The corporate practice of medicine doctrine (“CPOM”) and state anti-kickback prohibitions vary from state to state. While some states have statutory prohibitions, other states rely upon case law for CPOM. These issues are typically not heavily litigated. When there is case law covering these subjects, it is imperative to review and understand these decisions. They will impact how you structure the ownership of a ketamine clinic, and likewise, how you structure Management Services Agreements (“MSA”) in strict CPOM states.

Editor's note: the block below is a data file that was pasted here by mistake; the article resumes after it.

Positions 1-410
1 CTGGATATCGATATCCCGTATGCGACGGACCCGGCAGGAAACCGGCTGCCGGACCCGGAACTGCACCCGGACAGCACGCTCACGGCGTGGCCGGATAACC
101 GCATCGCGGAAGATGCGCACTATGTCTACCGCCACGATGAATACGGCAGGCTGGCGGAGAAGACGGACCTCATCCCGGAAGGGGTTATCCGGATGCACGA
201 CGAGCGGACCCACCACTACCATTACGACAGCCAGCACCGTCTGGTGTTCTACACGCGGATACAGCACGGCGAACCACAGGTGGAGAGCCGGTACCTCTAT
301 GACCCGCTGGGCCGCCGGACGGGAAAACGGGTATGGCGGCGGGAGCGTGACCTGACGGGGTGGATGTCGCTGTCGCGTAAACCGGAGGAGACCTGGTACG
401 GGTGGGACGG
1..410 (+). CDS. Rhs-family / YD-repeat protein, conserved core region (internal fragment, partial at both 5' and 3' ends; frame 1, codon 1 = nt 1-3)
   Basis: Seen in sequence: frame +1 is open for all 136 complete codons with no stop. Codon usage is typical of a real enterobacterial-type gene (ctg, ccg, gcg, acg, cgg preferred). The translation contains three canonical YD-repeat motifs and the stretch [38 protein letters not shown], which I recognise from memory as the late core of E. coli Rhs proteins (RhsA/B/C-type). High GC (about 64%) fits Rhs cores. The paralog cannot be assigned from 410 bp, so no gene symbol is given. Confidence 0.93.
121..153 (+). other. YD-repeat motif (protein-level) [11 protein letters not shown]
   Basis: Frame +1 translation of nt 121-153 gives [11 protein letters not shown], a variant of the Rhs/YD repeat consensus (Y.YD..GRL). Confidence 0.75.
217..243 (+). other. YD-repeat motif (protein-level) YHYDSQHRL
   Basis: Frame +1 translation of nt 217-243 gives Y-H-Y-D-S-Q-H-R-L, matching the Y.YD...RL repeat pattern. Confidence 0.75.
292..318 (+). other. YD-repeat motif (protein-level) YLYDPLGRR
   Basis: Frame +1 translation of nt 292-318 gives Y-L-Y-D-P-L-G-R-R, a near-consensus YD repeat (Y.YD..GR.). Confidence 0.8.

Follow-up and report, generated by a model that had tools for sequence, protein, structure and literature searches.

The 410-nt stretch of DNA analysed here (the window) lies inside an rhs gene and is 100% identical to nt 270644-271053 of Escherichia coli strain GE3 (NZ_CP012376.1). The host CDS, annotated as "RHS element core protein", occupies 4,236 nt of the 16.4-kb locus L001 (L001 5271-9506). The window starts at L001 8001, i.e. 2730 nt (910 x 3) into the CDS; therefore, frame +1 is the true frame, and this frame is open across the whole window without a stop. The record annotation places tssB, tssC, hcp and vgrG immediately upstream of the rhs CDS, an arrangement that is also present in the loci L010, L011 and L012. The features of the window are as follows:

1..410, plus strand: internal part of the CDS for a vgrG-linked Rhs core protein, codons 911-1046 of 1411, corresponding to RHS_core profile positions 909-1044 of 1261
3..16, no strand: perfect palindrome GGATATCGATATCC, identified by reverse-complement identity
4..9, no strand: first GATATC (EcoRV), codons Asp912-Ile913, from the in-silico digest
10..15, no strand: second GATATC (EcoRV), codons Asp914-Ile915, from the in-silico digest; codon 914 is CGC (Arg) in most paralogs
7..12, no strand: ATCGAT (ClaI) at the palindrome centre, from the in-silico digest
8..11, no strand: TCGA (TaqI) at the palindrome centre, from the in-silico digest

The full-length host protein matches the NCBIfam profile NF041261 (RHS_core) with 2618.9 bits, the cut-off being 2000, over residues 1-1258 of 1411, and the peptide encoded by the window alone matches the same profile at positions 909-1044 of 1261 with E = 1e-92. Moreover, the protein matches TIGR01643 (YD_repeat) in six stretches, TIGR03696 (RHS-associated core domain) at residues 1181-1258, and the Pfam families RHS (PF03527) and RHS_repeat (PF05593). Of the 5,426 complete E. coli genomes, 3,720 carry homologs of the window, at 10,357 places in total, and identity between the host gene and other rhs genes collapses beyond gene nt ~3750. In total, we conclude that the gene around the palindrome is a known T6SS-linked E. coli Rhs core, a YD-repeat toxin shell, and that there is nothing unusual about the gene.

One such case is Epic Medical Management, LLC v. Paquette, 244 Cal.App.4th 504 (2015). This case involved a dispute between the doctor, appellant Justin Dominic Paquette, M.D., and a medical management company, Epic Medical Management, LLC (“Epic Medical”), with which Dr. Paquette contracted to supply non-medical management services to his practice. The parties had a falling out and agreed to terminate the MSA. Epic Medical believed it was due additional fees under the MSA. But Dr. Paquette believed the management company had underperformed its duties under the contract and owed him money. The matter proceeded to arbitration, and the arbitrator ruled in favor of Epic Medical. On cross-petitions to confirm and vacate the award, the trial court ruled in favor
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